27. The retention of the child in this jurisdiction has now resulted in considerable parental alienation for the applicant, a position which simply cannot be endorsed by this Court and indeed flies in the face of the overall policy objectives of the Convention as a whole.

28. Clearly it is not the function of this Court to determine custody and access issues in the long term but merely to determine whether the child should be returned within the parameters as set out by the Convention. 

Grave Risk
29. Under Article 13(b) of the Convention the judicial or administrative authority of the requested State is not bound to order the return of the child if ‘there is a grave risk that his or her return would expose the child to a physical or psychological harm or otherwise place the child in an intolerable situation’.

30. The law relating to grave risk in Ireland is well settled and was clearly stated by Denham J. in the Supreme Court in A.S. v. P.S. [1998] 2 I.R. 244 where the test for successfully invoking the defence was stated to be extremely high:-

“The law on “grave risk” is based on Article 13 of the Hague Convention, as set out earlier in this judgment. It is a rare exception to the requirement under the Convention to return children who have been wrongfully retained in a jurisdiction other than that of their habitual residence. This exception to the requirement to return children to the jurisdiction of their habitual residence should be construed strictly. It is necessary under the Convention that the situation be one of grave risk, an intolerable situation. The Convention is based on the concept that the children's interest is paramount. It is not in the children’s best interest to be abducted across state borders. Their interest is best met by the courts of the jurisdiction of their habitual residence determining issues of custody and access.”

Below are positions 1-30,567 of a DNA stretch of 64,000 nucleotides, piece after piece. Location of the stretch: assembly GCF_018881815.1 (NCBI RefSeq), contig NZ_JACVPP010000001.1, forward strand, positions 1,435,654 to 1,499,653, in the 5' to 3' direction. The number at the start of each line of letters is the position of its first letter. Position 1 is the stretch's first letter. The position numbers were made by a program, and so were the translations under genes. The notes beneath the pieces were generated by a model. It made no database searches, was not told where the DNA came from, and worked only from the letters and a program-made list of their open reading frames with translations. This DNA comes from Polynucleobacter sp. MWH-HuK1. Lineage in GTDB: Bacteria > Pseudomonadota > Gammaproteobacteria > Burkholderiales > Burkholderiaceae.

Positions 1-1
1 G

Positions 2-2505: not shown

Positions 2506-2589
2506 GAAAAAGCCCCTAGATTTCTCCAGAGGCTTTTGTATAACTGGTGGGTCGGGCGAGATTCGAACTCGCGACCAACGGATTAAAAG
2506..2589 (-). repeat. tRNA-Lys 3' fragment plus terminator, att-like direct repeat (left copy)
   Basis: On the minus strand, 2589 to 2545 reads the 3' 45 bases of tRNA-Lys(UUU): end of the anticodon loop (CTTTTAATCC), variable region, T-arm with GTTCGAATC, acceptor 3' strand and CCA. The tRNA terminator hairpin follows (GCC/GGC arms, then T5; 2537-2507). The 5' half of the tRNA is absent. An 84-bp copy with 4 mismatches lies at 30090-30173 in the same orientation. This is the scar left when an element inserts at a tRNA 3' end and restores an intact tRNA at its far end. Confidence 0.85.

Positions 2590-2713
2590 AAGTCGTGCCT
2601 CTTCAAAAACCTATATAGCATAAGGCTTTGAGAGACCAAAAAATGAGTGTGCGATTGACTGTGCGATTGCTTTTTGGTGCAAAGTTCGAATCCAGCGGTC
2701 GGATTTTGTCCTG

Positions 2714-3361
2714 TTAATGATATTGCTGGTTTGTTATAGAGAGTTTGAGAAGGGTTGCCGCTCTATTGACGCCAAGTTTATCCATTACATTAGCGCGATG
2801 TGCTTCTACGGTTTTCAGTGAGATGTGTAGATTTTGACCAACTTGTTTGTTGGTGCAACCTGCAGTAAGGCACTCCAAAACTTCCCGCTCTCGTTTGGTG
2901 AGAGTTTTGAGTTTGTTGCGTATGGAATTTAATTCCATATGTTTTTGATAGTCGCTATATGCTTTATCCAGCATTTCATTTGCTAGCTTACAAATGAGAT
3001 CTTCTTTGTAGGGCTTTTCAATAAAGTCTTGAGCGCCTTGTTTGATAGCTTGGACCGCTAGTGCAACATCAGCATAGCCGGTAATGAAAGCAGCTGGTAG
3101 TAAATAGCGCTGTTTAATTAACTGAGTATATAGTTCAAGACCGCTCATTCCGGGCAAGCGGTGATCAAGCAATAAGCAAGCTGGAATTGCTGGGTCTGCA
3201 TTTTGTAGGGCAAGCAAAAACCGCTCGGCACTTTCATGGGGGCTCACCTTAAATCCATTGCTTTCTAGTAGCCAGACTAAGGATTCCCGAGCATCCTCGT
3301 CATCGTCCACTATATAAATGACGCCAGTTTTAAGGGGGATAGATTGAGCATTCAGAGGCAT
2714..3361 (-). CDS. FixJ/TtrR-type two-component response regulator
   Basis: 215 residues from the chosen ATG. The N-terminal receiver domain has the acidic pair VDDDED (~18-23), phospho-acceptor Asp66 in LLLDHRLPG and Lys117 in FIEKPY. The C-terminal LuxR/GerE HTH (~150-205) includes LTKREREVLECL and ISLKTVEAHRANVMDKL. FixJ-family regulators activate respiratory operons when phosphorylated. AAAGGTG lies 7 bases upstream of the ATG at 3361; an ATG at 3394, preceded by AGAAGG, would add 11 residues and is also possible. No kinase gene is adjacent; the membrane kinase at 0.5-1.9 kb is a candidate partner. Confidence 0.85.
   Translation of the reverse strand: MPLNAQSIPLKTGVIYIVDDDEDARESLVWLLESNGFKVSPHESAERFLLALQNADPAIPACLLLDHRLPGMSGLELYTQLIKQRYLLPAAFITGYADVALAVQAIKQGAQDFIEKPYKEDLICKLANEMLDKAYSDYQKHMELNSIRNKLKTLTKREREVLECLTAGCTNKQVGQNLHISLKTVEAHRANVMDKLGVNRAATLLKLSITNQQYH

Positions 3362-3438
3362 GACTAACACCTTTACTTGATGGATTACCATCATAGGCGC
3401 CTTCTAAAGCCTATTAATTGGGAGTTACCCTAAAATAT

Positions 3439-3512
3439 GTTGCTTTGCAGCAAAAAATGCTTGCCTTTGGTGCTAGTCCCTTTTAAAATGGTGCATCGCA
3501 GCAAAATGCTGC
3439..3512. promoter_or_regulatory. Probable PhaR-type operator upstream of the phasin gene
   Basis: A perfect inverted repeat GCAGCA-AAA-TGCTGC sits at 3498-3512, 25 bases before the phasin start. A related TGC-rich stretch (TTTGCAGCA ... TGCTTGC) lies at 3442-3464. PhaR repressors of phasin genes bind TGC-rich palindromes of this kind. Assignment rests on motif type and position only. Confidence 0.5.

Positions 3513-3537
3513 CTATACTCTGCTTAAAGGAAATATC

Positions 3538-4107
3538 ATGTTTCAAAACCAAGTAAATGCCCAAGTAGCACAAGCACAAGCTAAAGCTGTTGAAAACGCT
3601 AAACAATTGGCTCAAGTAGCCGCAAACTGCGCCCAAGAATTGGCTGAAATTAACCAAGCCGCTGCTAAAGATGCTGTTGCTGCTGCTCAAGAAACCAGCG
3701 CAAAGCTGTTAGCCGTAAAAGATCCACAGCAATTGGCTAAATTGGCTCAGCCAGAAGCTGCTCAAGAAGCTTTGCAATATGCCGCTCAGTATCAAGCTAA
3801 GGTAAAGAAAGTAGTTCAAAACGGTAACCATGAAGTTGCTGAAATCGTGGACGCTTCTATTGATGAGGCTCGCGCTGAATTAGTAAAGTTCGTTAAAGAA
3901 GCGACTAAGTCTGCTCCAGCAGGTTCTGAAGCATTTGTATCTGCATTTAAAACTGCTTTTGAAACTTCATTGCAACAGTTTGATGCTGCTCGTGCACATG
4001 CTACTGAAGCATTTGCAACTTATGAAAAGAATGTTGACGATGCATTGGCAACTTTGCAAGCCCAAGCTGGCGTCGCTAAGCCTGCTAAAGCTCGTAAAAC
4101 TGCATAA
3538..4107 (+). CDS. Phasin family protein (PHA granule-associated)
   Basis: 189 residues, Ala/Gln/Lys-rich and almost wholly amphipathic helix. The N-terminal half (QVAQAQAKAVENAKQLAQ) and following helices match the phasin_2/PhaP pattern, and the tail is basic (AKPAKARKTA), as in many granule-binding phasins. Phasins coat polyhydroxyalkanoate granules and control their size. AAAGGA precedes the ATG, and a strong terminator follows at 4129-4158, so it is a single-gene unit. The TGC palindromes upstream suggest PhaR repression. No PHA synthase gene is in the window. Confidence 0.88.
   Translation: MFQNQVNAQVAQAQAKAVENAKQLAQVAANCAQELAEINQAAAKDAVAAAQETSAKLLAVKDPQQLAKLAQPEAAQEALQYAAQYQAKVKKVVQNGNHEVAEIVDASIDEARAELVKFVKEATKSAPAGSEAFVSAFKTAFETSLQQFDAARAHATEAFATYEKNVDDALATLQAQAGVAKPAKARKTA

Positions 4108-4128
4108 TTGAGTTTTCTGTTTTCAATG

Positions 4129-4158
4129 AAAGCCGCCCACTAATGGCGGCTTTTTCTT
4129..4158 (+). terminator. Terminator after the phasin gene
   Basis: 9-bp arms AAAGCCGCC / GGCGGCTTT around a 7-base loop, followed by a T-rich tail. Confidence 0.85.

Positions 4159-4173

31. In the within proceedings, the respondent contends that it is not safe for the child to return to reside with the applicant and her partner. In this regard, he refers to previous childcare arrangements for the child which he contends were wholly unsatisfactory and asserts that the applicant failed to heed concerns raised by the child in this regard. Further, the respondent asserts that the applicant’s partner has been aggressive and abusive towards the child, albeit that there is no allegation of physical violence.

32. Again the allegations made by the respondent in respect of this issue are unsupported by any objective evidence and in the circumstances, the court can only conclude that same are self serving.

33. Even if the allegations made by the respondent were taken at their height, there is no evidence whatsoever that the court in Hungary would be incapable or unwilling to give the child adequate protection.

34. In the circumstances, the court is not satisfied that the threshold for grave risk has been met in this case

Conclusion
35. In view of the foregoing, the court is not satisfied that this is an appropriate case where the court should exercise its discretion to refuse the return of the child. In making the order for return, the court is satisfied that same is in keeping with the overriding policy considerations of the Convention and in the best welfare interests of the child.

36. I will therefore grant a declaration that the child was wrongfully retained in Ireland within the meaning of Article 3 of the Hague Convention and direct the child should be returned forthwith to Hungary pursuant to Article 12 of the said Convention.